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Animal Play

In honor—sort of, sideways—of Groundhog Day1, here is a zoological playwrighting exercise.

  1. Write a scene for three non-human animals. (Make these characters original; i.e. no Simba, no Babe, no Gromit, etc.) They can all have human intelligence and talk, but they must retain the fullness of their bestial natures.

  2. Revise the scene for human characters, adding a human situation and setting—but keep as much of the original dialogue as possible intact. You may sublimate specific lines and actions when the only alternative is gaudiness or utter violation of character, but make every effort to keep, one way or another, all the animality of the first version.


  1. According to AccuWeather, Punxsutawney Phil has an 80% accuracy rate. According to Punxsutawney Phil, AccuWeather’s biting, blustery forecast for this February and March, 2013, is hot air. Early spring this year, says Phil. 

Thoughts on the Art of Playwrighting

Relation Between the Characters’ Lives and the Playwright’s Themes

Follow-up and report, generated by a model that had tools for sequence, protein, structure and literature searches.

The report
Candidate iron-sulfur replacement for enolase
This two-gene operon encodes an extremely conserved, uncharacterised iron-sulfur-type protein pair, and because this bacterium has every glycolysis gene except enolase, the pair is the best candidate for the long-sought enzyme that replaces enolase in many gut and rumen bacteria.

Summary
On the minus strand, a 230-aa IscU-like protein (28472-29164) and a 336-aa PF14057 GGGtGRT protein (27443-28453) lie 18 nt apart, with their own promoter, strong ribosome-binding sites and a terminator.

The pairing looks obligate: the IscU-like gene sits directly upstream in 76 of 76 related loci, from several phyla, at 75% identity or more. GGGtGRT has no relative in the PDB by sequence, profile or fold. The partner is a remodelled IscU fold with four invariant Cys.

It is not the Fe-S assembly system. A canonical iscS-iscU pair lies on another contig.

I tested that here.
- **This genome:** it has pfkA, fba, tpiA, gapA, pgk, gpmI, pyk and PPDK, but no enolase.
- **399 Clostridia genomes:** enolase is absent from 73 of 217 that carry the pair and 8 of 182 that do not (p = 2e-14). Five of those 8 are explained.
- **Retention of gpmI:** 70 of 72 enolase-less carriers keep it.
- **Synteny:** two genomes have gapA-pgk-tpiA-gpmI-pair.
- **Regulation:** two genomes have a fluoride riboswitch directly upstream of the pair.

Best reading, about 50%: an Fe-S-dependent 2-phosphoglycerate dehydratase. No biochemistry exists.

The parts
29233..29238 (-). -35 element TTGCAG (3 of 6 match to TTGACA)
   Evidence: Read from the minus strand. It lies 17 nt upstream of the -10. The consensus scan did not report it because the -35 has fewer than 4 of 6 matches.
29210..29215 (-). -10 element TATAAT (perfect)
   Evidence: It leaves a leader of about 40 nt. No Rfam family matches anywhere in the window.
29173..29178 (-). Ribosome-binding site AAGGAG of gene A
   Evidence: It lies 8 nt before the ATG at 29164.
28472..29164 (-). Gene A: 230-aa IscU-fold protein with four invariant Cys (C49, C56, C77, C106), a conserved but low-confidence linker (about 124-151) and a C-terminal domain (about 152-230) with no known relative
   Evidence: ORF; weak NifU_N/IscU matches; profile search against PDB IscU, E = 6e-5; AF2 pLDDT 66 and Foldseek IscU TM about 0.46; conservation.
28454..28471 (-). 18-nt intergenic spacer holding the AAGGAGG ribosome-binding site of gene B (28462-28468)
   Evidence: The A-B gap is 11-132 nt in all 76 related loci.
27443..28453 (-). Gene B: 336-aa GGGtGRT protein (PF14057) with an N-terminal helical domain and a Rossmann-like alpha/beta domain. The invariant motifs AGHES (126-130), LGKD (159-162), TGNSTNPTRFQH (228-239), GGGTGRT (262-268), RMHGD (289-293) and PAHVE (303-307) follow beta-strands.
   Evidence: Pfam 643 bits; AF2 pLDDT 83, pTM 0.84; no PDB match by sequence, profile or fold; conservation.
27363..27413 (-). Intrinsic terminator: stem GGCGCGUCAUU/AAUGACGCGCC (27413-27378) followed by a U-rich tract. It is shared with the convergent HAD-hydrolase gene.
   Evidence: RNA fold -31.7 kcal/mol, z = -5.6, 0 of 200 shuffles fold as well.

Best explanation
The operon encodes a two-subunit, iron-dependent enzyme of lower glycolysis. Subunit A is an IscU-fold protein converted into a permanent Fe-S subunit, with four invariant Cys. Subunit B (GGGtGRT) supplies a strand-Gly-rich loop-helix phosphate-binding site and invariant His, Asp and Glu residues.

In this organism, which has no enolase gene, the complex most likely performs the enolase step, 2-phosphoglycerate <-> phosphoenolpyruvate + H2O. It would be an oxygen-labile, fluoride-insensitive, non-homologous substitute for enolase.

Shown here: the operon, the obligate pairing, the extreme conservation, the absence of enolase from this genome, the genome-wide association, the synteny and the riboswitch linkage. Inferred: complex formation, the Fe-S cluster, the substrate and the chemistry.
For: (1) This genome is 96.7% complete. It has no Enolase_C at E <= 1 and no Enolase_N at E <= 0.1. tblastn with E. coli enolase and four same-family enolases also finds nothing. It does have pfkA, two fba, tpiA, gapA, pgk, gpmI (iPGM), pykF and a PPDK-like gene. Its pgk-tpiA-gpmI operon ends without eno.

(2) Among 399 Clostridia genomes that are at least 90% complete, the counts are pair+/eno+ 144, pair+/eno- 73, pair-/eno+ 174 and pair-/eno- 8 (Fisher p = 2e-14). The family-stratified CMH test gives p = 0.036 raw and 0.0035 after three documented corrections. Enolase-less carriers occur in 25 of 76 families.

The life & action on stage should emerge & proceed affectively, propelled by palpable (not conceptual) desires. Subject thought to feeling and word to deed rather than the other way around. Even Sir Thomas More in A Man for All Seasons, possibly the most intellectual character in the English-speaking theatre (Nils Bohr notwithstanding), as a character wants the monastic peace & quiet of a simple life in the country so that he is free every day to tell God how much he (Thomas) loves him, as if God were a beloved father & wife all in one. Sir Thomas has been called by the ultimate & most beloved authority to think & pray as a vocation, and he WANTS to read & speak his devotions the way a born mathematician yearns for the airy freedom of numbers away from the muddy entanglements of the mundane ground. Sir Thomas wants to protect himself & his family from sin, stay out of Hell, maintain good graces with the King of kings. When threatened by the worldly king, Henry VIII, as well as by the serpent-wolf Lord Cromwell, Sir Thomas will subordinate his elegant speech to the actions of a fox: he will evade, not confront, as Cromwell sets iron trap after iron trap.

The playwright, Robert Bolt, was probably writing thematically about things like individual & intellectual freedom. He originally wrote A Man for All Seasons as a radio play in 1954, and, again thematically, I hear a vigorous reproof of McCarthyism.

Bolt imagined & constructed lives full of feeling, wants, & fears, and ended up with a play of high-flying ideals.

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